Sunday, August 26, 2012

Well, Color Me Grey On 11/22/63

I know I'm supposed to be doing the author interviews - and I will - soon.  But, first, I have tell you about Fifty Shades of Grey and 11/22/63.  They couldn't be more different, but they have one thing in common for me - I liked them both.  Actually, I LOVED 11/22/63 and liked Fifty Shades.

11/22/63, by Steven King.  This makes my top 100 all-time list.  This book is just excellent.  Everybody knows what it's about, but I will recap anyway.  Jake Epping, a 35-year old teacher in Lisbon Falls, Maine, is told of a portal to the past by the local diner owner, Al.  This portal is located in Al's storeroom at his diner and always takes him to the same day in 1958.  When Al gets too sick to go, he enlists Jake to take over for him.  Al's mission - prevent JFK's assassination.

The book does an amazing job of blending the present and the past.  Everything that happens to Jake (aka George Amberson in 1958) is very plausible.  I've had a few people tell me that they are not Steven King fans.  Neither am I.  The only King book I've read in the last 20 years was The Stand (again courtesy of Phil), and I liked it.  But this is not typical Steven King.  As I said in my very brief post earlier this week, READ THIS BOOK!

That brings me to Fifty Shades of Grey, by E.L. James.  Where do I begin?  I brought a lot of pre-conceived notions into reading this.  I thought that it was going to be poorly written and that the whole book was basically about BDSM (look it up - I did).  Well, I was wrong.  I liked this book.  I did not think it was poorly written at all.  In fact, she uses a couple of tricks that I thought were particularly clever.  I'll get to those in a minute.

Do I really need to go over the "plot?"  I don't think so.  The Aborigines in the Outback of Australia know what the story is about.  But just in case you've been in a coma for the last year - or were kidnapped by aliens and only recently returned to Mother Earth - let me give a (very) brief synopsis.  A 21-year old Washington State University student, Anastasia Steele, who is almost graduating, interviews a 27-year old wunderkind/genius, Christian Grey, CEO of a large local company.  She is doing this only because her roommate, the editor of the school newspaper, is sick and unable to conduct the interview.  What ensues is a whole bunch of fireworks.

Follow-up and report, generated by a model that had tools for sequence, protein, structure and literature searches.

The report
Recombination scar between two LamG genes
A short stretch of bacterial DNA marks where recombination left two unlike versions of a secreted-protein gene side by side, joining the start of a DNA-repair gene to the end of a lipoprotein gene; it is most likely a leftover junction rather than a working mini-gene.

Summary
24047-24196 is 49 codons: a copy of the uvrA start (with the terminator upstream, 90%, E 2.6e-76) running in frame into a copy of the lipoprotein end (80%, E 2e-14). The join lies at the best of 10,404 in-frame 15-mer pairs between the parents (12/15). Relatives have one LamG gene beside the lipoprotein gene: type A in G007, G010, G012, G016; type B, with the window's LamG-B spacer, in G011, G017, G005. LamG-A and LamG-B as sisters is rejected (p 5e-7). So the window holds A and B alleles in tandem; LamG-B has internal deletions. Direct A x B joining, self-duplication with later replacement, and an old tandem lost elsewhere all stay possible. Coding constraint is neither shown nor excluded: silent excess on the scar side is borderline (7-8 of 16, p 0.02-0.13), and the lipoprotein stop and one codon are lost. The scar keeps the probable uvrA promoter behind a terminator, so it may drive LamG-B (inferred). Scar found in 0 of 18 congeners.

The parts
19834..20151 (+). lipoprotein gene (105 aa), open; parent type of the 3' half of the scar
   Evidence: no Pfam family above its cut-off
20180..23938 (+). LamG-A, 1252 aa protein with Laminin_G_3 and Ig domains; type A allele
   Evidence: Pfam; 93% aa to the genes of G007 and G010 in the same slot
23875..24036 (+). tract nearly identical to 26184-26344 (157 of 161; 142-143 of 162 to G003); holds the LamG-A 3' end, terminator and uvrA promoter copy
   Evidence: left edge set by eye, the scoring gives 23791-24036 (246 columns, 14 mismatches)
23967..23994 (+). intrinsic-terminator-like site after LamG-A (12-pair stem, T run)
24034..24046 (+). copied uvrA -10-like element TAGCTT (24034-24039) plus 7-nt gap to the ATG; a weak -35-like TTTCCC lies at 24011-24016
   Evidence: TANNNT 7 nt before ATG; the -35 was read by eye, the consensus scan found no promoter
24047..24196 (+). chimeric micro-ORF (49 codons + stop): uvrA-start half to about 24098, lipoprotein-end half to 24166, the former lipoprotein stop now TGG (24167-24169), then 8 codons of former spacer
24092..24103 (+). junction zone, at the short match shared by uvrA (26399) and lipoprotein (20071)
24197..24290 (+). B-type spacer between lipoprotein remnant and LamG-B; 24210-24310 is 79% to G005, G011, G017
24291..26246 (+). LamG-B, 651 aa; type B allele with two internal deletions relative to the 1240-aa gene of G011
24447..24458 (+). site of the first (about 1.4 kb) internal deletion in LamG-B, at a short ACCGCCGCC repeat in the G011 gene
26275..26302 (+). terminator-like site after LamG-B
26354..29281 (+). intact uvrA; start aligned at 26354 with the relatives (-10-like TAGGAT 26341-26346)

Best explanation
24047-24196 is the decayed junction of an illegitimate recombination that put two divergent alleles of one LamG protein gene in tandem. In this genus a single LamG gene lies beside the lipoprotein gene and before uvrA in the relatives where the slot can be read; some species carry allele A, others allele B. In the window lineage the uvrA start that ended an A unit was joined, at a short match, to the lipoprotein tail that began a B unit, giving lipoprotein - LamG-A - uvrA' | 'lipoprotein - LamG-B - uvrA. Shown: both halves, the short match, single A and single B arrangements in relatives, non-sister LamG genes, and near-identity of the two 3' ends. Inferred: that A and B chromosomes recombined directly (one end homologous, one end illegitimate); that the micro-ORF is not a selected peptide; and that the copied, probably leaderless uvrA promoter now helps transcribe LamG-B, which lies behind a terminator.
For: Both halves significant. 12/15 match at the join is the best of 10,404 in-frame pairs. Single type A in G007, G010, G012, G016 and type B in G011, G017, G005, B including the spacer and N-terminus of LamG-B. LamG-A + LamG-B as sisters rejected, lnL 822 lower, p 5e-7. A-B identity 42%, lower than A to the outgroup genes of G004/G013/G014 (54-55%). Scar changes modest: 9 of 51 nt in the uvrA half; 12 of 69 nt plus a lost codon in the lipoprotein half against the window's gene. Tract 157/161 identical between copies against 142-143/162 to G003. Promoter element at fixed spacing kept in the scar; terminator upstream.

The back cover of the book tells us that the website Good Reads had this as a finalist for romance of the year.  I concur.  I think the book is very romantic.  Yes there's quite a bit of graphic sex in it (but not until page 113), but the book is much more about their relationship than it is about the sex.  And as for the "tricks" E.L. James employs, there are a couple that worked well for me.  One was how Anastasia constantly refers to her subconscious and her inner goddess and how they react in any given situation.  I thought that was really clever and oftentimes very funny.  I also liked when Anastasia and Christian exchanged emails.  Those were also clever and humorous.  These are definitely not the gimmicks of an author who is just going through the motions and using throw-away dialogue to get to the next sex scene.

Here's the most important aspect of the book (in my humble opinion).  This is the first time that women have been given permission to read erotica.  Before this book, erotica was always the province of men. I think it's great that everybody can now read a mainstream erotic book (even if I did carry the book with me with the back cover facing out!).  I think that this is great.

I haven't really addressed the sex scenes.  I thought they were okay, but Jasmine Haynes' were more graphic and more titillating (good choice of words, eh?).  If you read Past Midnight as a comparison, you'll see the difference.  But that doesn't change the fact that millions of people now have the okay to read erotica in public settings.  How can that not be a good thing?

QUESTION:  When James writes "There's a hint of pity hidden in the depths of his eyes," is that even possible?  Most authors attribute multiple emotions (at the same time!) to eyes.  Does that really happen? Can someone see "...pity hidden in the depths..." of a person's eyes?  Just asking.